Venetoclax Plus Obinutuzumab Demonstrates Durable Survival Benefit in Treatment-Naïve CLL

Article

Fixed-duration therapy with venetoclax plus obinutuzumab led to 60% reduction in the risk of progression or death compared with chlorambucil plus obinutuzumab, with benefit seen regardless of TP53 or IGHV mutation status, in previously untreated patients with chronic lymphocytic leukemia.

Chronic Lymphocytic Leukemia    | Image Credit: ©freshidea - stock.adobe.com

Chronic Lymphocytic Leukemia

| Image Credit: ©freshidea - stock.adobe.com

Fixed-duration therapy with venetoclax (Venclexta) plus obinutuzumab (Gazyva) led to 60% reduction in the risk of progression or death compared with chlorambucil plus obinutuzumab, with benefit seen regardless of TP53 or IGHV mutation status, in previously untreated patients with chronic lymphocytic leukemia (CLL), according to 6-year findings from the phase 3 CLL14 trial (NCT02242942).1

The findings were presented by Othman Al-Sawaf, MD, of the Division of Hematology, Immunology, Infectiology, Intensive Care and Oncology at the University of Cologne in Germany, at the 17th Annual International Conference on Malignant Lymphoma.

Results showed that the 6-year progression-free survival (PFS) rate was 53.1% with venetoclax vs 21.7% with chlorambucil (HR, 0.40; 95% CI, 0.31-0.52; P < .0001). Median PFS was 76.2 months and 36.4 months with venetoclax and chlorambucil, respectively.

Results from the primary analysis earned the regimen an approval from the FDA in 2019 for the frontline treatment of patients with CLL/small lymphocytic lymphoma.2 Five-year follow-up data were presented at the 2022 EHA Congress.3

The study enrolled patients with treatment-naïve CLL and coexisting medical conditions defined by the Cumulative Illness Rating Scale (CIRS) above 6 and/or creatinine clearance below 70 mL/min. Patients were randomly assigned 1:1 to 6 cycles of venetoclax and obinutuzumab followed by an additional 6 cycles of venetoclax, or 6 cycles of chlorambucil and obinutuzumab followed by another 6 cycles of chlorambucil, totaling 1 year of therapy.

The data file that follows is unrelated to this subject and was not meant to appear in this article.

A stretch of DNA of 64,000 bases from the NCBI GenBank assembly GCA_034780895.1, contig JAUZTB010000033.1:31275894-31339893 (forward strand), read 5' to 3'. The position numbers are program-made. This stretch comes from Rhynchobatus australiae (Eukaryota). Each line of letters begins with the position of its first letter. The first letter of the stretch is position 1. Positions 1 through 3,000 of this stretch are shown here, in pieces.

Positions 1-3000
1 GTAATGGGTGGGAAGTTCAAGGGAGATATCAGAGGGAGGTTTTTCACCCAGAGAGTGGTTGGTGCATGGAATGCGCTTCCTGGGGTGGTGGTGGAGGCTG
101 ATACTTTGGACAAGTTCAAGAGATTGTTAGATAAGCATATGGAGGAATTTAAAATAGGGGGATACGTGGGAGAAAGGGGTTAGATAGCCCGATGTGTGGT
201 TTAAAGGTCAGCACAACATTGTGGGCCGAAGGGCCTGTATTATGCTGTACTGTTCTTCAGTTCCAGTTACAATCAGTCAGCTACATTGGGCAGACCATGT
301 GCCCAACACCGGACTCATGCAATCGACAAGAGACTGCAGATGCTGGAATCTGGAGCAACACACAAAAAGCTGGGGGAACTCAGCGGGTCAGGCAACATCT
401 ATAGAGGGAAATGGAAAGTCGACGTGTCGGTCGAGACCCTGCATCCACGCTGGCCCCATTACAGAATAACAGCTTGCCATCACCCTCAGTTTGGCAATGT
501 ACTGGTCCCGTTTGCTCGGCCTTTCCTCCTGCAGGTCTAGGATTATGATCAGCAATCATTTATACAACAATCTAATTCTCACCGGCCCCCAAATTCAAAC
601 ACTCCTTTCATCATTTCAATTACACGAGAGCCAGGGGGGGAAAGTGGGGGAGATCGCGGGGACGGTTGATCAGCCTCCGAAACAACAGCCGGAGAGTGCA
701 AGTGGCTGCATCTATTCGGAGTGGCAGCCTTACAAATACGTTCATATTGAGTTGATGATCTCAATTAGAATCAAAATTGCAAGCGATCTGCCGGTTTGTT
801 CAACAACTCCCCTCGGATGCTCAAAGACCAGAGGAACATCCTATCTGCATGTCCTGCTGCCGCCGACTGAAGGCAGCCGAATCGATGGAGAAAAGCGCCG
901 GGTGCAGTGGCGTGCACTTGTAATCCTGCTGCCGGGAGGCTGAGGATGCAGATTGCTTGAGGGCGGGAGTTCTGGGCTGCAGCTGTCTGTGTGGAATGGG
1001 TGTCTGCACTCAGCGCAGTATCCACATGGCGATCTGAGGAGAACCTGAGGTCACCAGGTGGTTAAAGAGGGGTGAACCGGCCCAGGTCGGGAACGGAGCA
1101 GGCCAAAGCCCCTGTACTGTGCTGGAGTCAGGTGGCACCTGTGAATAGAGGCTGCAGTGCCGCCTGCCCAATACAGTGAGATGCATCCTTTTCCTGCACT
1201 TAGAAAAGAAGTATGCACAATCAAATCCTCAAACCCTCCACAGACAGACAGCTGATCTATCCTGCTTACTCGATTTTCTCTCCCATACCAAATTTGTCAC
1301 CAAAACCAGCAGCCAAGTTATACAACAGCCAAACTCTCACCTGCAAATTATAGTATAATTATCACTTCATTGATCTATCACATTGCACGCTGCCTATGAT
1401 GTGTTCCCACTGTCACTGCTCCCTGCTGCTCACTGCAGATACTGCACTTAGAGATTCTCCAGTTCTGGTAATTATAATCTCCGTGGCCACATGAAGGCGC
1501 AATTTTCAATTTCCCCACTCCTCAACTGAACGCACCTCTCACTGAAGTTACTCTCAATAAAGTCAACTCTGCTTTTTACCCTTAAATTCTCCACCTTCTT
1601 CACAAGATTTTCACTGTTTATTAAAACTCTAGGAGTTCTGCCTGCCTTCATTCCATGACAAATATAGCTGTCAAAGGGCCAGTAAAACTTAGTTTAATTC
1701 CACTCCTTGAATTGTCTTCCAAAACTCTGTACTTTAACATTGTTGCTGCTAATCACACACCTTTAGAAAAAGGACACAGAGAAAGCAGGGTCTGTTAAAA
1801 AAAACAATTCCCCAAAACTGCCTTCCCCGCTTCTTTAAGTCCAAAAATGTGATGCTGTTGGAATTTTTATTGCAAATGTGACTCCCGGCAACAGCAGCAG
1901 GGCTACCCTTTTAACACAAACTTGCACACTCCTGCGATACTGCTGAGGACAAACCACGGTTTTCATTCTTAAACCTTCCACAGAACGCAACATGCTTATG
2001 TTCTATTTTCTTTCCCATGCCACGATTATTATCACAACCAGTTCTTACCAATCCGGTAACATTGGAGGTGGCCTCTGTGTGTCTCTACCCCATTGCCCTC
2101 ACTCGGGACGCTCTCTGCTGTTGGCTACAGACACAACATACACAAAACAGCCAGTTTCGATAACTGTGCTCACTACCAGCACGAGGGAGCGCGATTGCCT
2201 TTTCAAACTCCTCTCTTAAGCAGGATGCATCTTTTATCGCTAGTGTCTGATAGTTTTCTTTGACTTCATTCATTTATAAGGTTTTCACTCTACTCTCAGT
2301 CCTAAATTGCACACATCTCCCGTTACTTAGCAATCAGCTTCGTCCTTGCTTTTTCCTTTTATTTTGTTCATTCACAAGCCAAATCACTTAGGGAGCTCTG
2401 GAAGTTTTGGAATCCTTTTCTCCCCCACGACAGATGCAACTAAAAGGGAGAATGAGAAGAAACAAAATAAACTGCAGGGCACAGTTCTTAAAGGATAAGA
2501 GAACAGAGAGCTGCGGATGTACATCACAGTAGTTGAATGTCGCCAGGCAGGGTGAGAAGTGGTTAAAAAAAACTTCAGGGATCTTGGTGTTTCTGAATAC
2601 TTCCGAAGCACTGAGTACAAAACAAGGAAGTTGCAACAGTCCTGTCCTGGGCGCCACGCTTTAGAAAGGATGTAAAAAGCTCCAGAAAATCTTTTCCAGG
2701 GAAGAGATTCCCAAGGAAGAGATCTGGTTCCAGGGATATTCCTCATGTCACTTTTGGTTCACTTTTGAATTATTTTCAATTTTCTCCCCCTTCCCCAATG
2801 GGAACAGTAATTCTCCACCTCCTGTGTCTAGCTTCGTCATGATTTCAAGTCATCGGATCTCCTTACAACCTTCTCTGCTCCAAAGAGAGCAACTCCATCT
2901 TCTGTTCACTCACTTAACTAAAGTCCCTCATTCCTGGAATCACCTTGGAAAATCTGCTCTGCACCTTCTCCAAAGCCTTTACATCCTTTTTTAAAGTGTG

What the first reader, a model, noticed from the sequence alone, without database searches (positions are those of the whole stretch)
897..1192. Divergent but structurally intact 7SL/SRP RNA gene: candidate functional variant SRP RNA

PFS served as the primary end point of the trial. Secondary end points included response, minimal residual disease (MRD), and overall survival (OS).

In the venetoclax arm (n = 216), median age was 72 years, median CIRS score was 9 (range, 0-23), and median estimated creatinine clearance was 65.2 mL/min. All Binet stages were represented: A (21%), B (35%), and C (44%); as were tumor lysis syndrome (TLS) risk categories: low (13%), intermediate (64%), and high (22%). In the chlorambucil arm (n = 216), median age was 71 years, median CIRS score was 8 (range, 1-28), and median estimated creatinine clearance was 67.4 mL/min. The breakdown of Binet stage A (20%), B (37%), and C (43%) disease, and TLS low (12%), intermediate (68%), and high (20%) risk was similar to the investigational arm.

In the venetoclax arm, most patients had unmutated IGHV (61%); 12% had 17p deletion and/or TP53 mutation, and 34% of patients had only 13q deletion. In the chlorambucil arm, 59% of patients had unmutated IGHV; 12% had 17p deletion and/or TP53 mutation, and 36% had only 13q deletion. A total of 24% and 20% of patients in the investigational and control arms had no abnormalities, respectively.

Median observation time was 76.4 months.

Additional results indicated improved PFS regardless of intervention among patients without TP53 mutation/17p deletion. With venetoclax, median PFS was 76.6 months in patients without these markers vs 51.9 months in patients with them (HR, 2.29; 95% CI, 1.37-3.83; P = .001). With chlorambucil, median PFS was 38.9 months and 20.8 months in patients without and with the markers, respectively (HR, 1.66; 95% CI, 1.05-2.63; P = .03).

Median PFS was not reached (NR) with venetoclax in patients with mutated IGHV vs 64.8 months in those with unmutated IGHV (HR, 0.38; 95% CI, 0.23-0.61; P < .001). With chlorambucil, median PFS was 62.2 months and 26.9 months in patients with mutated and unmutated IGHV, respectively (HR, 0.33; 95% CI, 0.23-0.47; P < .001).